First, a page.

Luxury Hotels

Food and one of Tel Aviv’s luxury hotels

Bubbles at breakfast…

It is time to talk food at one of Israel’s top luxury hotels. Of course it is kosher, which means having two kitchens, plus a banquet kitchen, but, honestly, kosher food has improved so dramatically since the gal first tasted something absolutely flavourless at a restaurant called Bloom in London. Now it is world class, honestly, and the wines are too. Take Gamla 2014 Cabernet Sauvignon, from Golan Heights Winery, supervised by University of California Davis grad Victor Schoenfeld, Or think of Arza Winery, owned by the Shor family, whose winemaker Philippe Lichtenstein has been commissioned to help Hubey Pengdun develop an $8 million project in China’s Hubei Province. Israel produces excellent reds, whites – and sparklings. The Cava at the breakfast buffet in the 24th floor club lounge at InterContinental David Tel Aviv was really popular with the many tourists enjoying not only the views, but the food.

Red art…

The lounge is a meeting point, too, for the many business guests, and their local contacts who like to talk here, for obvious reasons.   See, for instance, a video below of the breakfast spread, which included shakshuka, eggs baked in tomato purée or sauce, and of course there are always salmon varieties to go with bagels and sour cream. Interestingly, while Israel produces outstanding toiletries – this hotel uses –(Minus)417, from Dead Sea Cosmetics, and the Dead Sea bathsalts …. – and it has wines, and edibles, it does not appear to have its own home-produced china. I find mostly, in alphabetical order, Bauscher, RAK and Villeroy & Boch. RAK it was at dinner in Aubergine, the hotel’s intimate fine dining venue.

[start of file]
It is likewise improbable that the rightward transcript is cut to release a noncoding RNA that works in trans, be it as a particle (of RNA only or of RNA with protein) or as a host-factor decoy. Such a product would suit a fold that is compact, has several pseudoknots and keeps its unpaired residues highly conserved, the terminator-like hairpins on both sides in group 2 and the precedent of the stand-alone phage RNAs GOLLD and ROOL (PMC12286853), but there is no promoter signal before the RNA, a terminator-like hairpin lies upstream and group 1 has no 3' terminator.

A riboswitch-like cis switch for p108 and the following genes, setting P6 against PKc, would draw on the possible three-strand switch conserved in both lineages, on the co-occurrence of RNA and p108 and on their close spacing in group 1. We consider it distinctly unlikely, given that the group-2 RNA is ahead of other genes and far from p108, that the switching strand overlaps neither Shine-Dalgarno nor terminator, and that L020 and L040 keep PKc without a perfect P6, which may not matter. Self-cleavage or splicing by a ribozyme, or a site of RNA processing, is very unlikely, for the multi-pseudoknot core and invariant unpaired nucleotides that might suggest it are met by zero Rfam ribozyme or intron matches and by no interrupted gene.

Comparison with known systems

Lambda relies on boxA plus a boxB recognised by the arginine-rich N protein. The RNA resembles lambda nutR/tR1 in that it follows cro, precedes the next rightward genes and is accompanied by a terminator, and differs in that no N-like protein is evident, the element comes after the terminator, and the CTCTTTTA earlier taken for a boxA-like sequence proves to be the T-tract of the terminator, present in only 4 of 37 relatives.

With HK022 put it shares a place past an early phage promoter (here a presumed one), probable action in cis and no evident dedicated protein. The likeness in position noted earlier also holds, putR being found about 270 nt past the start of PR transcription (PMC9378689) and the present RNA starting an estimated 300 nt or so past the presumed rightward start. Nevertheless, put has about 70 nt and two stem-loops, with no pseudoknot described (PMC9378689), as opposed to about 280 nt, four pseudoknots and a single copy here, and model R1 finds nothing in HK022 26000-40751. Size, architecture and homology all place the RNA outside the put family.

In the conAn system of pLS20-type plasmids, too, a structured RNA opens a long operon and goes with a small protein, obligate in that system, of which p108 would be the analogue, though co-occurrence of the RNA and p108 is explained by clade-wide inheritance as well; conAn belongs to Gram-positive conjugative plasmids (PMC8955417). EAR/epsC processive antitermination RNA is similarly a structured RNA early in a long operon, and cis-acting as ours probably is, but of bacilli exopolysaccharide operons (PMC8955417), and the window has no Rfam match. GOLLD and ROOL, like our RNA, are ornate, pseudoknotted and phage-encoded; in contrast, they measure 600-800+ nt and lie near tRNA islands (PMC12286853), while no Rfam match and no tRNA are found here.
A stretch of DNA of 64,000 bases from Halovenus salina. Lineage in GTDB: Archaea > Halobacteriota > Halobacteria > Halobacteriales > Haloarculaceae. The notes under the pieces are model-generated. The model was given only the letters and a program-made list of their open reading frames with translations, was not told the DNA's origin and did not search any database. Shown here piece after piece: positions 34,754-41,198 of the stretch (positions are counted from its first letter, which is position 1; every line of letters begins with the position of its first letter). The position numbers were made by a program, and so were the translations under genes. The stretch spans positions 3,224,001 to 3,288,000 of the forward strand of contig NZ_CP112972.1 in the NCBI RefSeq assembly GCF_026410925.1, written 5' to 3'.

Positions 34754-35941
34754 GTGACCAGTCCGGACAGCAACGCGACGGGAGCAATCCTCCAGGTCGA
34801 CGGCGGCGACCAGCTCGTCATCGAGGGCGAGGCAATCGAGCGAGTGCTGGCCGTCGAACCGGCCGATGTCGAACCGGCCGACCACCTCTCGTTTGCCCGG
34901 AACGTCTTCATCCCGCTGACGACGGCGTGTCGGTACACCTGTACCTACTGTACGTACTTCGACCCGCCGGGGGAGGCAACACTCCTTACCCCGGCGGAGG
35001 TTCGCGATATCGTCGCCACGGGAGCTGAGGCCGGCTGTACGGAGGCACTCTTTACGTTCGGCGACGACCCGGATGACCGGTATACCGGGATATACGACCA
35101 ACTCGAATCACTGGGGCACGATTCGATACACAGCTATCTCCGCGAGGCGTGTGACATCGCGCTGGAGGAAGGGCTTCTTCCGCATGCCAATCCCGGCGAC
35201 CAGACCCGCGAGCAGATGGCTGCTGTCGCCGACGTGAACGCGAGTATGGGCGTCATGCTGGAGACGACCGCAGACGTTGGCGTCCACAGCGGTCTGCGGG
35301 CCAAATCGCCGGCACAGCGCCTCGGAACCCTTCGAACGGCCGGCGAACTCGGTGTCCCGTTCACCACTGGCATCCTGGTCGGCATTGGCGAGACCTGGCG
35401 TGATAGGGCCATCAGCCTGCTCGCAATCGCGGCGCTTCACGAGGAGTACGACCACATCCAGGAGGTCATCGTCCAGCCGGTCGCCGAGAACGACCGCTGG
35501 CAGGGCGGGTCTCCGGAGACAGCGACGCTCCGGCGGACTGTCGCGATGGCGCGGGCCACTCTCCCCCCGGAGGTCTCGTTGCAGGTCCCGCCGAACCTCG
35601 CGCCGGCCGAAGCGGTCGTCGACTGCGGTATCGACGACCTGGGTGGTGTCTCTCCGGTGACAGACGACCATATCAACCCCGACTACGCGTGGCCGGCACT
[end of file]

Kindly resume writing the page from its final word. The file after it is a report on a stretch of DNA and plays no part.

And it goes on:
and yellow food, with seabass and curry sauce

When the hotel opened in 1999, under then-GM Jurgen Baumhoff, Aubergine was Italian. Now it is experimental modern, led by the extremely talented and creative Alon Hirtenstien. He has just finished a Colorfood promotion, inspired by photographs of colour by food photographer Dan Lev. There is an exhibition of typical photographs outside the restaurant. Within, to complement the ‘usual’ menu, Alon Hirtenstien’s set menu featured Black&white – Italian sourdough with garlic dill cream and black olive tapenade: Red – tuna tartare, lemon and watermelon bulgar, seared tuna with scorched Maggi tomato cream, tuna sashim with roasted red pepper salad and spiced tomatoes; Yellow – seabass in yellow coconut curry sauce, grilled pineapple, yellow carrot and saffron risotto, spicy tapioca tuille; Green – pistachio-crusted goose breast, creamed spinach, zucchini, peas, truffle-scented Portobello mushrooms, roasted chicken jus, and Blue – banana pecan panna cotta with praline hazelnuts.

David Cohen and home-grown chef

This luxury hotel’s GM, David Cohen, is fully supportive of what he calls his ‘home-grown talent’. Part of his support includes bringing in such guest-chefs as, planned for January 2018, Daniel Corey, chef of Luce in InterContinental San Francisco, for which he has held a Michelin star since 2011. David Cohen knows that inspiration is vital. With only 3.3% unemployment in Tel Aviv it is essential to do as much as possible to attract talented youngsters, especially in the face of competition from tech startups (for which this is one of the world’s megacities, he says). One blessing is that when they leave compulsory army service, men and women are given a considerable Government bonus if they stay in certain professions, which fortunately include hotels, for six months: the challenge then is that many want to rush off, to travel the globe, before going on to study at university.